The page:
This post was written as part of CULA’s “Liberal Icons” essay competition; the winner and runner-up will be announced once all entries have been posted.

Matilda Watts

Voltaire is my liberal icon because he was a man of many talents and imparted his views on the world through almost every channel possible: he was a philosopher, author, historian, economist, human rights activist, and scientist. He stood for tolerance, freedom of speech, and the rejection of bigotry—views which were particularly liberal in the eighteenth century and which are still liberal today.

Voltaire’s philosophy was that of reason. He was concerned with the conflict between good and evil, as demonstrated through his literature. In his most famous novel, Candide, Voltaire voices his criticisms of Optimism (the philosophy that evil is part of some greater good) and argues against Leibniz’s view that we live in the best of all possible worlds. His adamance that evil and prejudice exist led to his intervention in a court case in Toulouse, where an innocent Protestant priest was sentenced to death by Catholic judges. This involved publishing papers (later collected in the Traité de la Tolerance) which advocated social inclusion and campaigning to support the relations of the priest who had been left destitute.

As an economist I am inspired by Voltaire and his application of religion to the functioning of the free market. He believed that trade is efficient because, for the purposes of negotiation, all men come together and overcome their differences. Furthermore, to him, a minimal belief in a deity is necessary for practical, rather than spiritual, reasons: faith is useful for the efficient functioning of the economy and society, whether that be providing a topic of conversation at dinner parties or the fear of judgement in the afterlife being a source of motivation for workers to be productive. Although this upset Catholics in France, I am intrigued by this relationship between religion and economics as it is rarely discussed in modern literature. I respect Voltaire for being so far ahead of his time.

Voltaire believed that multiculturalism was beneficial to social cohesion: “as there are a multitude [of religions in England] they all live happy and in peace”. This was a criticism of the French system where Catholicism was the dominant religion, and it is true that there has been much more conflict and violence on French soil than on English soil. Although this is partly due to geography, I also think that Voltaire’s ideal is accurate: religious differences should make us more open and understanding of each other. This is of course not always the case in reality, and I think that it is particularly relevant now as racial and sexual differences are causing too much strife around the world. We should all take time to remember Voltaire’s lesson on the advantages of religious and ethnic diversity.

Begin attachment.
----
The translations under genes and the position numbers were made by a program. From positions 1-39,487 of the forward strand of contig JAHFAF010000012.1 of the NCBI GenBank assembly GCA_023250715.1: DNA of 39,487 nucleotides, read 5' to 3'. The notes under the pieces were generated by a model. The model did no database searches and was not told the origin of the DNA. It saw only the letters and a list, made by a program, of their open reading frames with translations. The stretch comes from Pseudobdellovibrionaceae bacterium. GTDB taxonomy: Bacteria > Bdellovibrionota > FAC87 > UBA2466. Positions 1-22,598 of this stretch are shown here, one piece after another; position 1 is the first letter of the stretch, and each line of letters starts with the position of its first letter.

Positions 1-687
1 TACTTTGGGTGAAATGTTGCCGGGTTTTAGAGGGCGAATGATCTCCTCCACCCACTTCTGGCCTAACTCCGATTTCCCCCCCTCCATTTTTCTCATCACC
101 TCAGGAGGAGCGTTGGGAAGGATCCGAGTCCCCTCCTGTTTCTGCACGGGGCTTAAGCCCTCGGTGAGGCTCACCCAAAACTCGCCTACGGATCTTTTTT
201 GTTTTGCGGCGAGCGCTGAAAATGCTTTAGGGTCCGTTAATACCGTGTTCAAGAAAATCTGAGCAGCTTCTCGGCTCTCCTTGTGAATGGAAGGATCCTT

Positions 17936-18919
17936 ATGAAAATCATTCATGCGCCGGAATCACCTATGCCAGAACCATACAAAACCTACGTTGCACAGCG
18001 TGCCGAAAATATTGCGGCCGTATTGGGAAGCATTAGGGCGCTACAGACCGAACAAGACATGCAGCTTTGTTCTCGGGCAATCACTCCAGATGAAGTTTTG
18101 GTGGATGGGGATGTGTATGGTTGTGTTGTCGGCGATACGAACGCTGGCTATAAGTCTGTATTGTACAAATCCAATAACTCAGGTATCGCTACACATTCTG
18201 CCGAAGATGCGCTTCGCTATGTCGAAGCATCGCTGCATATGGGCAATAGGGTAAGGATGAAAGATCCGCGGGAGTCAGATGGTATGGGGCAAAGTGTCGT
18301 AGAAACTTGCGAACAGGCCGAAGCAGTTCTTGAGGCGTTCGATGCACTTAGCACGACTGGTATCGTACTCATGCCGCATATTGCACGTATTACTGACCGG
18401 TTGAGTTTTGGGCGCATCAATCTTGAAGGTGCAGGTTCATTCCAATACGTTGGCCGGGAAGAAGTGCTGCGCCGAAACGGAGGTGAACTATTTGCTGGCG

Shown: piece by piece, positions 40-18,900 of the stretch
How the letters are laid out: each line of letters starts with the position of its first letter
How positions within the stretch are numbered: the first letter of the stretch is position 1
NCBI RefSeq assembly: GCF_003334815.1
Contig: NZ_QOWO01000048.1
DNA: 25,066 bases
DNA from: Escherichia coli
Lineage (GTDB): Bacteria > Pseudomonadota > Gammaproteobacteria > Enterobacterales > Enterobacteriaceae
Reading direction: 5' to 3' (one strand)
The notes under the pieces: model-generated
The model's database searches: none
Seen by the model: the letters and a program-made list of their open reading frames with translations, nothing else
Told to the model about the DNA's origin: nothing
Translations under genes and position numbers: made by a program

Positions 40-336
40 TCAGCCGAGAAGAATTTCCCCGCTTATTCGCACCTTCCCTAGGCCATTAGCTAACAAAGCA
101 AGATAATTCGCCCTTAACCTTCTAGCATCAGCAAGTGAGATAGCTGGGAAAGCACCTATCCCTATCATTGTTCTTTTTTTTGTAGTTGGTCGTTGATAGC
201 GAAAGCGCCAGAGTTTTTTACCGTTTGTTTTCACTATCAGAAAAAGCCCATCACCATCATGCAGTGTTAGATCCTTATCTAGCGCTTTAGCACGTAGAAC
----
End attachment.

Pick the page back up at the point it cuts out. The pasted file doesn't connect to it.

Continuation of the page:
Voltaire also spent time thinking about the role of God in human life and one reason why he is my liberal idol is that his answer to the problem of evil resonates with me more than any other explanation. He believed in rational religion: the idea that God created the world and instilled in humans the notions of good and evil, but then took a back seat. Although I do not believe in a god per se, this seems to me to be a sound explanation for how the existence of both a God and evil need not be mutually exclusive.

Lastly, Voltaire ardently pushed the notion that public opinion could bring about change. He famously said that “opinion rules the world”, and I think this is particularly apt in the current political climate where change is increasingly coming from those in no position of power, such as Malala and Greta Thunberg, but also from groups like ours! It is comforting to know that the view that anyone can create political pressure and force a change has been philosophised for over 300 years.

There is no doubt that Voltaire is a liberal icon. The range of methods through which he imparted his wisdom on society was so broad and he was totally unafraid of being unpopular or punished for voicing his opinions that it is impossible not to be in awe of him. He was a modern thinker, tackling social issues that always have and always will exist.


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